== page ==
Uber has announced it is to cut 3,700 jobs as the coronavirus takes its toll on the number of trips taken using the ride-hailing business.
The company also said in a stock market filing that chief executive officer Dara Khosrowshahi will waive his base salary for the remainder of the year.
It is the latest big US business to announce sweeping job cuts blamed on the pandemic, with Airbnb revealing that it was to lay off 1,900 workers and General Electric saying as many as 13,000 could go at its aviation unit.
Meanwhile, a closely-watched report from payroll company ADP on Wednesday said US businesses cut an unprecedented 20.2 million jobs in April.
Uber said in a stock market filing that it planned “to reduce its operating expenses in response to the economic challenges and uncertainty resulting from the COVID-19 pandemic and its impact on the company’s business”.
“Due to lower trip volumes in its rides segment and the company’s current hiring freeze, the company is reducing its customer support and recruiting teams by approximately 3,700 full-time employee roles,” the firm said.
Uber said the measures would cost it $20m in “severance and other termination benefits” paid out to those who lose their jobs.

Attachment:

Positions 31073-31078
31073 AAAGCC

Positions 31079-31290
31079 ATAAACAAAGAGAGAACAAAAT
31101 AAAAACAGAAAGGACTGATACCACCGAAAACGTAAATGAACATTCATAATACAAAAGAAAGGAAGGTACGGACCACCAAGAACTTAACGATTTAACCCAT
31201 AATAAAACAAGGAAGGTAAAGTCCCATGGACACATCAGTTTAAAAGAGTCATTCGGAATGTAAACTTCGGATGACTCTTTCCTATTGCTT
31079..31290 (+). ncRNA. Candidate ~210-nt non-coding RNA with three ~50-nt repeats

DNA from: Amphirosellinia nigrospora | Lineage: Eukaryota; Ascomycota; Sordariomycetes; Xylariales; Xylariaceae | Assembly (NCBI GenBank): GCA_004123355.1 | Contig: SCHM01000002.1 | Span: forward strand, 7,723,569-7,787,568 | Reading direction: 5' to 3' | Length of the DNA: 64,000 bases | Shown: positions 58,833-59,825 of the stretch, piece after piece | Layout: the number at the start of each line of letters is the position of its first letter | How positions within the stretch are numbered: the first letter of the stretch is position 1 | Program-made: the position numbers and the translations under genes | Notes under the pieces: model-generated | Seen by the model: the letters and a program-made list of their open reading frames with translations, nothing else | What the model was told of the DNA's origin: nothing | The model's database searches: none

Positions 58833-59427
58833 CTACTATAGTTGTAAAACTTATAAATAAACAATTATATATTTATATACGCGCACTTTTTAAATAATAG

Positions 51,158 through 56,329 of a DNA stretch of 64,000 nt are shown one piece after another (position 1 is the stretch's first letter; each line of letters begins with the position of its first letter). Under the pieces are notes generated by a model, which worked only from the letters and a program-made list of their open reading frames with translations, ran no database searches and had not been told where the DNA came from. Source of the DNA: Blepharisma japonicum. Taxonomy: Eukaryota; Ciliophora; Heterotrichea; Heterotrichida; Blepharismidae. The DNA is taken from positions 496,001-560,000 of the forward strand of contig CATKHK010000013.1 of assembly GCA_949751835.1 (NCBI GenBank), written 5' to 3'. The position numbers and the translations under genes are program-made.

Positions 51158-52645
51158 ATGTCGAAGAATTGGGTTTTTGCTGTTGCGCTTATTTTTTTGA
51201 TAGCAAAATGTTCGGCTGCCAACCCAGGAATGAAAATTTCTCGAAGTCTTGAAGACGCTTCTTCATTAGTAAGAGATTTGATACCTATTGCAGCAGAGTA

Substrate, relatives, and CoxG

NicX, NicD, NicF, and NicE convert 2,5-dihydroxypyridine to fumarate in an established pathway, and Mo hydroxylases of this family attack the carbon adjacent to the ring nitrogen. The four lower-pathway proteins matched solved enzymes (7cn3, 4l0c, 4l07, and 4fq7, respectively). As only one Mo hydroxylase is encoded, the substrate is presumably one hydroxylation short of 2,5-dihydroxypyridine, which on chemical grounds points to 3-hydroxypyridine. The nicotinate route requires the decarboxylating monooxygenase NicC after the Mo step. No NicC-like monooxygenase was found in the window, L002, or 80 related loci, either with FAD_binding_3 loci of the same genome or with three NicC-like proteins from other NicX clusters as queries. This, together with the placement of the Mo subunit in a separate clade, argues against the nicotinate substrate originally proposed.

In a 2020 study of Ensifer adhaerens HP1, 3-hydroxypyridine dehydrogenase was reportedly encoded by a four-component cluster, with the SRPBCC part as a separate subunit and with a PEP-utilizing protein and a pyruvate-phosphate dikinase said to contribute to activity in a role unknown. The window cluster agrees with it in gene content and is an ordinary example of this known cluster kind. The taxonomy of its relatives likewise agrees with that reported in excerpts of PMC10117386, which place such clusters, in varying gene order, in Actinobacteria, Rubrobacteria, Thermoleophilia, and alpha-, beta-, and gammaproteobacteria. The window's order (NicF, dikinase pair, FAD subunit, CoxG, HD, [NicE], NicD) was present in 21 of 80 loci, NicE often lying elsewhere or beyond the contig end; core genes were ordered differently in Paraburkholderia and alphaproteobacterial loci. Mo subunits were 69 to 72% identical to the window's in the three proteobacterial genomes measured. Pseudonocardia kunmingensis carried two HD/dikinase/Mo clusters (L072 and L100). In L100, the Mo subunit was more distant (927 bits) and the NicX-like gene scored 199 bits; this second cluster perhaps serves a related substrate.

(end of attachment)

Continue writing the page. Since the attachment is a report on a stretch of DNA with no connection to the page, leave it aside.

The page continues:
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A company spokesperson said: “With people taking fewer trips, the unfortunate reality is that there isn’t enough work for many of our front-line customer support employees.
“Since we don’t know how long a recovery will take, we are taking steps to bring our costs in line with the size of our business today.
“This was a tough decision, but it is the right one to help protect the company’s long-term health and ensure we come out of this crisis stronger.”
The company, as well as rival Lyft, have already withdrawn financial guidance for 2020 as demand for their services drops sharply around the world thanks to lockdowns imposed to try to curb the spread of the coronavirus.
However, Uber could recover some lost revenues through its Uber Eats food delivery business.
The company is due to report first quarter financial results on Thursday.
Uber has 27,000 employees around the world, including 200 in the UK – not including the thousands who work for it as drivers.
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It did not disclose how many in the UK would be affected by the announcement.
Weekly unemployment claims data shows the US is going through its worst jobs crisis on record, with one in six of the workforce registering as jobless in a six-week period.
Official figures on the employment situation due this Friday are likely to further underline the stark economic reality facing the world’s biggest economy as it slides into what is generally accepted will be a severe recession.